As someone who is new to digital history, I am excited to see so many articles and blog posts grappling with some of the same questions that I ask myself: What constitutes digital history? What is the role of digital history in the broader history field? How do you get started in digital history?
The relative newness of digital history and its accessibility to large audiences have generated multiple works trying to answer these questions—both for the sake of digital historians themselves, but also to encourage others to become digital historians or to use digital tools in their own work.
Similarly, many digital historians are grappling with the ethics of digital history. The ethical considerations of historical work are not unique to digital history—it is a robust conversation in public history (see Decolonizing Museums by Amy Leontree) and pops up every so often in academic history (see Michel-Rolph Trouillot’s Silencing the Past)—but it is an important consideration, particularly given the often diverse and disperse reach of digital history both in terms of audience and sources. I find the conversation on ethics fascinating in any field, but particularly in digital history since the conversation is happening tangentially with the emergence of the field rather than linearly.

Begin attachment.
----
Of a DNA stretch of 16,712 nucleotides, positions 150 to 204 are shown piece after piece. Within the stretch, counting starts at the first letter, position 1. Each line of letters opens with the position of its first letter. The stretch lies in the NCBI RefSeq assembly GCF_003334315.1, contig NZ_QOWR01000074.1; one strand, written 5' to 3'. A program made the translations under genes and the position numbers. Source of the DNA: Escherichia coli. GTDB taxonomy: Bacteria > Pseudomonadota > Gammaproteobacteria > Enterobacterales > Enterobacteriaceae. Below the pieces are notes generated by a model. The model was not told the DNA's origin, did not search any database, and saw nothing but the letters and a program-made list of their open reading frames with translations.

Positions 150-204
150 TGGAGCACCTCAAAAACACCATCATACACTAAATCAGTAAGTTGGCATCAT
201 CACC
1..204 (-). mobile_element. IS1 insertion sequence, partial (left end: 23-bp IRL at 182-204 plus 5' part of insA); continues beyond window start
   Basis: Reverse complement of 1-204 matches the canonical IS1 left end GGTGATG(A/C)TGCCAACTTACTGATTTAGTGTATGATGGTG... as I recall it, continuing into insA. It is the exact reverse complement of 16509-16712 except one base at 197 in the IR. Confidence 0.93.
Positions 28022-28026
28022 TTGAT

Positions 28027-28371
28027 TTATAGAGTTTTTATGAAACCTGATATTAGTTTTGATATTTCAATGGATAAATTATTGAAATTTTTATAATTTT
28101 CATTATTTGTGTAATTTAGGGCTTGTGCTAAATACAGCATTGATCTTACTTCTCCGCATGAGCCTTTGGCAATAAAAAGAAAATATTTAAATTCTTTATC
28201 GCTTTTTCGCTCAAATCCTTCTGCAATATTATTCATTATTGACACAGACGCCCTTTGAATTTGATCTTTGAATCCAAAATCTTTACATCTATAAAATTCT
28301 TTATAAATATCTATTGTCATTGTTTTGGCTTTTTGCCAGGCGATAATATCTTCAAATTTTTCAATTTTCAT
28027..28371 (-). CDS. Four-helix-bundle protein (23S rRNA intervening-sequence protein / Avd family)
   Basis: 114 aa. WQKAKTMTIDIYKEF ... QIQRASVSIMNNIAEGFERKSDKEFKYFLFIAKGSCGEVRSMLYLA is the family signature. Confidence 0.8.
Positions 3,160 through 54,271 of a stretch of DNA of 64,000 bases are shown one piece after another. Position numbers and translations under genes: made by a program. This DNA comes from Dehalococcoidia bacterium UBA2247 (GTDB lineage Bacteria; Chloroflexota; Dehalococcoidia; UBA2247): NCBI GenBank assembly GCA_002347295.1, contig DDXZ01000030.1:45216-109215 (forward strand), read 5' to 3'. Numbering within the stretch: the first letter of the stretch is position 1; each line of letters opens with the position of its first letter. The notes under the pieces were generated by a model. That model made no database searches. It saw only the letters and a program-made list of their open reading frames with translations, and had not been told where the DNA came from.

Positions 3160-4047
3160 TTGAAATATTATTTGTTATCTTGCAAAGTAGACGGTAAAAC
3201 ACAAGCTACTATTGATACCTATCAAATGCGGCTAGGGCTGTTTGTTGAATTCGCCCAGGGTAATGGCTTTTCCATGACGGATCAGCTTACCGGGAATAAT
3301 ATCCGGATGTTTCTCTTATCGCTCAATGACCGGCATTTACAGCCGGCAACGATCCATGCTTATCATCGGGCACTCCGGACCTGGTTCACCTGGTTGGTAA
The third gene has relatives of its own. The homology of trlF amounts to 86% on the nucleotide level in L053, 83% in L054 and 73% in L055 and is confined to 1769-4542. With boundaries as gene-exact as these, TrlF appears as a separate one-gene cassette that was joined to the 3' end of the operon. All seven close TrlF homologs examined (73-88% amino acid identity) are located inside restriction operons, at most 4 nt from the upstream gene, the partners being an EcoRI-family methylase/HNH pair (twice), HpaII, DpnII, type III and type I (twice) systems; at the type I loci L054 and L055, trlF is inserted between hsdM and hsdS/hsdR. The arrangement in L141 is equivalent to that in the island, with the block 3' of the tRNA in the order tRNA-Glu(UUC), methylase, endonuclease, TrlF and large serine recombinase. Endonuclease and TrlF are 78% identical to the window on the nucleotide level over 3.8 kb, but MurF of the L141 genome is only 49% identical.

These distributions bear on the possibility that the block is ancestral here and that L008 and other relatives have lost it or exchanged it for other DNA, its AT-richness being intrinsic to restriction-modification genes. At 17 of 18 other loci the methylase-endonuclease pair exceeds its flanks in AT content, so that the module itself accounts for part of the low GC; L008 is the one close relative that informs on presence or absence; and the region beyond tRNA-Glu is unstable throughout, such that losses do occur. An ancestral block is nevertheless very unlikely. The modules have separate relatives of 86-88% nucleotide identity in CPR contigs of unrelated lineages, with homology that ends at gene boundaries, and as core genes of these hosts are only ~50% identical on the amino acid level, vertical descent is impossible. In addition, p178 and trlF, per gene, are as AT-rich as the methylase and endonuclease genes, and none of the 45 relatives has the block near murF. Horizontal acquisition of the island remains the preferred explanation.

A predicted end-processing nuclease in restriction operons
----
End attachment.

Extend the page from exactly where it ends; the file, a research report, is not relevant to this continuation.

“Digital History and Argument”—a white paper that grew out of a workshop hosted at George Mason University—explores five different forms of digital history to demonstrate the role they currently play in traditional, or analog, history, as well as to help digital historians join the wider historiographical conversation. Rebecca Onion discusses the role of history on Twitter in her piece “Snapshots of History,” arguing that Twitter accounts that post daily historical photos like @HistoryinPic are bad for history since the tweets contain no photo credit nor historical context, which prevents audiences from engaging further in the history. Lisa Spiro wrote an entire blog post dedicated helping people do digital history, recognizing that what often stops people from doing digital history is lack of knowledge rather than a lack of interest.
“Digital History and Argument” — What is the role of digital history?
“Digital History and Argument” explores five different forms of digital history—archival, public, methodological, computational, and visual—to explore how they can be used in making historical arguments, their implications for analog (traditional, paper-based) history, and their ethical considerations. Much of this paper works to explain what digital history is and how it can be used. It assumes unfamiliarity with digital history and aims to help historians understand how to interact with and do digital history.
The authors argue throughout this paper that digital history can make compelling historical arguments, but that for digital history to succeed, historians and academic history publications need to recognize digital history and sources as different from paper based sources and analog history. The paper calls for a shift in how scholars cite digital sources—scholars should cite the digital sources that they actually consult rather than the original paper source that they have never seen—arguing that the nature of the cited material affects how people interact with it.